The image stabilization feature can reduce any vibration commonly caused by handheld photography. It’s a must because it prevents you from producing blurry images. Some macro lenses like Canon’s 100mm f/2.8L Macro IS USM EF lens has an optical image stabilization system that corrects any wobbles or camera-shake visibility. If you’re using any of Canon’s EOS SLRs, you might want to consider this as it fits any EOS camera. In other cases, a sturdy tripod can also do the work along with other shake-reduction techniques.
The macro lens also applies to smartphone devices. You can check Amazon for clip-on macro lenses applicable to your device. Check out some of the smartphone macro lenses we’ve listed here.
3. Lighting sources/system
- Natural lighting
The most accessible lighting source is natural lighting. It gives you an even distribution of light in either outdoor or indoor setting, which perfectly illuminates the subject provided that you don’t mix it with any artificial light sources. The downside to natural lighting is finding the perfect time to photograph jewelry. Avoid photographing jewelry in midday when the sun is at its fullest as it might be too bright for the subject leading to unflattering results.
- Lighting fixtures
Some artificial lighting sources commonly used in jewelry photography are LED fixtures, single light bulbs or multiple LEDs in one fixture (good for faceted gems), and bare bulb strobe among many others. Regardless of your choice, ensure that all your light sources are of the same color temperature. This uniformity will help create beautiful reflections on glossy surfaces and is easy to control.
Make sure that the jewelry and the light source are leveled by placing the former on the table.
5. Jewelry stands, holders, and other props
Capture professional-looking images by using appropriate jewelry stands and holders for each type of jewelry. For instance, when photographing necklaces, use stands that complement your background and ensure that it is appropriate for the length of your subject. Amazon has an enormous inventory of jewelry holders and props like this Jewelry Easel Display that features 14 slots. Those slots are designed to hold necklaces of varying lengths.
Props to hold rings are different but easier to find. You can use museum putty and other jewelry holding wax including Elmer’s putty. These are available in any online store like Amazon or visit the craft stores near you. They’re easy to apply and remove without leaving any residue. Make sure that you apply as little amount as possible, so it’s not visible in your images. Otherwise, you can just polish it when you get to the post-production process.
These props are integral to your achieving professional-quality jewelry images. Only use props that best represent your products. Avoid cluttered props and accessories as it may take your customer’s attention away from the subject.
White background photography is popular in online retail because it creates an impression of professionalism, sophistication, and neatness; thereby, making your online visual display relaxing and pleasing to the eyes. If this is the look you’re going for, achieving a white background for your jewelry images need not be expensive. You can use a roll of white paper, white foam boards, or fabric as alternatives. These props are also ideal for creating a diffused, soft lighting. They can serve as a reflector or light diffuser.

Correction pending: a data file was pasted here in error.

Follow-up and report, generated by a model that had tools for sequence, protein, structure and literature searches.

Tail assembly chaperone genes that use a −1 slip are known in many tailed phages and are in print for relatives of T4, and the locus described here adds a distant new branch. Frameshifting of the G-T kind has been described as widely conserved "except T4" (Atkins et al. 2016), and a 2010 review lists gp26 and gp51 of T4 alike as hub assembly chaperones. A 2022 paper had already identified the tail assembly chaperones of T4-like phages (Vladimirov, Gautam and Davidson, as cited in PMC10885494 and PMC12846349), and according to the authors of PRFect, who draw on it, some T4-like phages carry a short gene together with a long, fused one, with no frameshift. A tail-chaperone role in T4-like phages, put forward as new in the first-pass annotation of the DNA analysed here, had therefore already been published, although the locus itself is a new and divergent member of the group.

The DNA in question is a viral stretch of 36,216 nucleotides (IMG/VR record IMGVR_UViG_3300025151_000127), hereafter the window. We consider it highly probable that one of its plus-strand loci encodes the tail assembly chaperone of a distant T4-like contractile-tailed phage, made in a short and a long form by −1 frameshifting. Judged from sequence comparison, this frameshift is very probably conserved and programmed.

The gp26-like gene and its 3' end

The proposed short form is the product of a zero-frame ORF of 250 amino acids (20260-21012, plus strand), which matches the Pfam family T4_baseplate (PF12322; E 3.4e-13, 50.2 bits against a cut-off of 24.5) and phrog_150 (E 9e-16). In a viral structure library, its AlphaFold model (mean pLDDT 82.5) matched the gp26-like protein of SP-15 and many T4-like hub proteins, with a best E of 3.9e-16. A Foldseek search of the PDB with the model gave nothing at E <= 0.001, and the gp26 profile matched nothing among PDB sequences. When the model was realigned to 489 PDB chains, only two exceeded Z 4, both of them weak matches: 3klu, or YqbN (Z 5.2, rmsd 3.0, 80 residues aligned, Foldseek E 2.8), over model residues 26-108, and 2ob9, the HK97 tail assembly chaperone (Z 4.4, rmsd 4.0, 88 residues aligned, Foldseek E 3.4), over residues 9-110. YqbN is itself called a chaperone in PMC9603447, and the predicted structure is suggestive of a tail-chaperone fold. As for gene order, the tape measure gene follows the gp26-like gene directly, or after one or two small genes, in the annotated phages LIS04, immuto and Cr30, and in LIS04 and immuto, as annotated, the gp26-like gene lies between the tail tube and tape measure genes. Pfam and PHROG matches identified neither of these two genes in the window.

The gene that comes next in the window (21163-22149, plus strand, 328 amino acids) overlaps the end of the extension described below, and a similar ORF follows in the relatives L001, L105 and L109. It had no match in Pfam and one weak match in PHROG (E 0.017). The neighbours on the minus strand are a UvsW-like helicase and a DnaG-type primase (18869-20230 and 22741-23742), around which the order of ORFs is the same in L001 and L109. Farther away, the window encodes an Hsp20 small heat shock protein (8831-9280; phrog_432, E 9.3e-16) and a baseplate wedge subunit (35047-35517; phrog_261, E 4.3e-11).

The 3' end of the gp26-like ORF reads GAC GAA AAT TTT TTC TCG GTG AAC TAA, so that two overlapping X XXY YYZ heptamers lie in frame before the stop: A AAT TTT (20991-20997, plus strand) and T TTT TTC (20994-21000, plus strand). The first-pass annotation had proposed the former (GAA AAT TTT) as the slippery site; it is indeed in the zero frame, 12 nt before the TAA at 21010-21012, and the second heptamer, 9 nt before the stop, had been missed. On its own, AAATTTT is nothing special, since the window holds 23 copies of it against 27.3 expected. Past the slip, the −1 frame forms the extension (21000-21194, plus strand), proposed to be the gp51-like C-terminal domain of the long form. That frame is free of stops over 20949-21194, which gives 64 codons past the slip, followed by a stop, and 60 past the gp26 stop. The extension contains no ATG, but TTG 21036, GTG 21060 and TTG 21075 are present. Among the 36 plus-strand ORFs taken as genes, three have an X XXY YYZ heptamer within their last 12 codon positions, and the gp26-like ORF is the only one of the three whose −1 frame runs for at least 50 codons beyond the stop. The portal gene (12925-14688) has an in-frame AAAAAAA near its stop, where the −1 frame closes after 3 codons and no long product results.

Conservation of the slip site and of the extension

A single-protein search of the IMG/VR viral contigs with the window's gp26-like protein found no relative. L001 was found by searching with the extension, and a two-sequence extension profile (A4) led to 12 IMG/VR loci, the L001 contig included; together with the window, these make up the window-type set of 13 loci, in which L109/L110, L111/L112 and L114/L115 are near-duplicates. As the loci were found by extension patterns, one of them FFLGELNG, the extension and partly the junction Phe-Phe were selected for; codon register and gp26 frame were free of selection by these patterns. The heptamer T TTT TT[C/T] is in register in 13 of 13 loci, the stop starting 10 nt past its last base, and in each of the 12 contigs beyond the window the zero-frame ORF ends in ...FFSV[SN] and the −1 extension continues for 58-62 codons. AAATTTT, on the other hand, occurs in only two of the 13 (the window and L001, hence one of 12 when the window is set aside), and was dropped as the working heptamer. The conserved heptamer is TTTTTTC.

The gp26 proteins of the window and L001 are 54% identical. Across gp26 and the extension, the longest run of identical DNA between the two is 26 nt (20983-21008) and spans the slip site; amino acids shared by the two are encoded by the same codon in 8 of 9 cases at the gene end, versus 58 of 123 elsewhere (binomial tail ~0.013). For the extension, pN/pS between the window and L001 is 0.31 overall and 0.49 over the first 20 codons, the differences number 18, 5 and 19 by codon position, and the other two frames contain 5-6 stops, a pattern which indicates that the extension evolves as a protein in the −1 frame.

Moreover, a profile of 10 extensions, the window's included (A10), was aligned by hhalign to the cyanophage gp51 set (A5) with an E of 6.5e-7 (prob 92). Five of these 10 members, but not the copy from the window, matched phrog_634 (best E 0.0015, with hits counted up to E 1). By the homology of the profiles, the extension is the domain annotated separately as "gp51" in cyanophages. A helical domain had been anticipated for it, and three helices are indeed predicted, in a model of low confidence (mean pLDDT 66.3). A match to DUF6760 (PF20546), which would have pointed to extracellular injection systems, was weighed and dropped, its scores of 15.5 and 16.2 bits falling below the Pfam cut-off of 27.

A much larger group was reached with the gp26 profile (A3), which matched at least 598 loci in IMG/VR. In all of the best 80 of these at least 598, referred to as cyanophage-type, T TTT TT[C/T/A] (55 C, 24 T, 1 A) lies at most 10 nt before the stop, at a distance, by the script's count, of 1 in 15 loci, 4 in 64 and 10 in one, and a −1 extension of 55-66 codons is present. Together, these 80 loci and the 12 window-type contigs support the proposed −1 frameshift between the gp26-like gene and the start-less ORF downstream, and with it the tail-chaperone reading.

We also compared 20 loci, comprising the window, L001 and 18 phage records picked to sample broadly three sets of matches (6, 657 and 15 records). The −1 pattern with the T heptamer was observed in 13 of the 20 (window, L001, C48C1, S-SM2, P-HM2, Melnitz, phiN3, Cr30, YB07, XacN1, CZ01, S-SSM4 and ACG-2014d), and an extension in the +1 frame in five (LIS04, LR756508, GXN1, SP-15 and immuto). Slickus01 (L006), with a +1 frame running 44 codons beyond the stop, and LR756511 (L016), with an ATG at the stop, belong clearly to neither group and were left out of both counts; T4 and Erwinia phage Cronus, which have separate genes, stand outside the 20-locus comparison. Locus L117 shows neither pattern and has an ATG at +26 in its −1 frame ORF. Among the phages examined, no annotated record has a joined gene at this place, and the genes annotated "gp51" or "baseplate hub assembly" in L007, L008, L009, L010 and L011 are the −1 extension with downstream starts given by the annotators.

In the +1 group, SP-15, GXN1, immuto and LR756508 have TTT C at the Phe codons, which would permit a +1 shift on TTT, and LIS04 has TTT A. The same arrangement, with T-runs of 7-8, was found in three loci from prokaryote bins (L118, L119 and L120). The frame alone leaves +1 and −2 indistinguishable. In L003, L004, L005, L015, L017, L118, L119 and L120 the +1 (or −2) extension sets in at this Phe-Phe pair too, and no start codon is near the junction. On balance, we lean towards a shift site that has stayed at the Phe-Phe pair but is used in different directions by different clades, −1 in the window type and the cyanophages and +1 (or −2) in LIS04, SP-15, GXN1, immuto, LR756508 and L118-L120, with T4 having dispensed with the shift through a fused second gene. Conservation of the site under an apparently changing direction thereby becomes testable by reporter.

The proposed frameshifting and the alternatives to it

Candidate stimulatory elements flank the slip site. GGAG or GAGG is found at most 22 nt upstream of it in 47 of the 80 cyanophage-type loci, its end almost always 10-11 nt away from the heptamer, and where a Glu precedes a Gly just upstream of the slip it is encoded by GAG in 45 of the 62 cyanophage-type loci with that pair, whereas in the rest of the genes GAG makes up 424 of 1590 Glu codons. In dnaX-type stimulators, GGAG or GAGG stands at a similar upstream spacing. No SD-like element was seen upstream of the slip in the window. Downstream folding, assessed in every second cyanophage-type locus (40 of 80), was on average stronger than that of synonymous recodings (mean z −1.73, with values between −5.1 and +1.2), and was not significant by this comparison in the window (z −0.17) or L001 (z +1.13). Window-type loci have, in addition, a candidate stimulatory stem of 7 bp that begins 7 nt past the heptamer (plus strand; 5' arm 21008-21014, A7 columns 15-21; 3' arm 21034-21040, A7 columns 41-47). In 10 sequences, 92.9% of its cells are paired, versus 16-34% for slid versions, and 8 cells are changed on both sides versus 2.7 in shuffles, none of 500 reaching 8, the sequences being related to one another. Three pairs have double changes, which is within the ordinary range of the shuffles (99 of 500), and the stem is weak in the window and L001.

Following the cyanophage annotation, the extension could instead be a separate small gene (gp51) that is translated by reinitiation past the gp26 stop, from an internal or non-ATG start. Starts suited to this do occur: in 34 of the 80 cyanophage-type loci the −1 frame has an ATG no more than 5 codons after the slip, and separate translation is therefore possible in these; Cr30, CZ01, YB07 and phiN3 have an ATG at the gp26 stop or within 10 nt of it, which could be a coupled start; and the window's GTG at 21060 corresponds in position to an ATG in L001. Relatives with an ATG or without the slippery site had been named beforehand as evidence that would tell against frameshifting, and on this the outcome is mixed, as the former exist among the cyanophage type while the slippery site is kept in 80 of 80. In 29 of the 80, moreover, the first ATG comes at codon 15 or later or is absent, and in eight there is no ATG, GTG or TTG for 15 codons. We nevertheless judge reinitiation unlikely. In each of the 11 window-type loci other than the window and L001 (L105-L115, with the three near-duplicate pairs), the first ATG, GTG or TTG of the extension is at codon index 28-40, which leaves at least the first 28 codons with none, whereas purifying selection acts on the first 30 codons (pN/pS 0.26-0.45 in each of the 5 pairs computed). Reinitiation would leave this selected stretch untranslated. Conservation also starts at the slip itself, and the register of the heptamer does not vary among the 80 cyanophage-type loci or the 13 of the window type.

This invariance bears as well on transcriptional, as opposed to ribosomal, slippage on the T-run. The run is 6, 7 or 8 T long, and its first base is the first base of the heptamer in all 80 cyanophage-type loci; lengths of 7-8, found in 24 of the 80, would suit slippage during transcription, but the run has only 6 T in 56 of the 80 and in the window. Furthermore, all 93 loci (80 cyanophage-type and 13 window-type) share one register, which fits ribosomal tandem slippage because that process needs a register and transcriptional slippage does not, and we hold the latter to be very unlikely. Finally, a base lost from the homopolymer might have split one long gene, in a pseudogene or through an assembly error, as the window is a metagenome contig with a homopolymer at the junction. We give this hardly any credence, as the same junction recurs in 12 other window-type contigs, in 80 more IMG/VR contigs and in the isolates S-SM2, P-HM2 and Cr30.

Check out these jewelry lighting setup ideas to have an idea on how to use these alternatives on your next photoshoot or click the link below for more tips incorporating more improvised materials.
READ MOREHow to Photograph Jewelry at Home
Photographing jewelry using a lightbox is your way towards convenience, consistency, and simplicity. If you have the luxury of time, you can DIY a lightbox through the materials mentioned above. However, this may not work all the time, especially if you’re photographing jewelry regularly as it may not be as durable as those sold in the market. In this case, a cost-saving doesn’t necessarily mean time-efficient or beneficial in the long run.
Find a lightbox that serves your needs so that you can maximize the benefits. For instance, the GemLightbox was exclusively designed for jewelers. This is evident in its features and characteristics – the lighting system, portability, and the Sparkles™, which brings out the fire, brilliance, and scintillation of your diamonds and other gems whether you want it in still photographs or 360 videos.
There are plenty of options to choose from, but as long as you know what you need and what you need it for, you’re on the right path. Don’t forget to assess your needs, the benefits and consequences before arriving at a business decision or a business-related purchase.
8. Grey card
We find a grey card useful when photographing silver jewelry, although it can be used every time you need help in getting the proper exposure. The grey card acts as a reference point when adjusting camera settings like exposure and white balance.
To use a grey card, simply place it near the jewelry and inside the lightbox, if you’re using one. Finding a grey card for your jewelry photography doesn’t require much effort. You can purchase it at any photography tool shop. Alternatively, you can improvise by using a grey, non-reflective paper.
Shopping practices are becoming more digital and visual. In a world where customers are said to have an attention span shorter than a goldfish, the competition for attention begins with the quality of your jewelry product image.
What other jewelry photography equipment and accessories do you use? Feel free to share in the comment section below!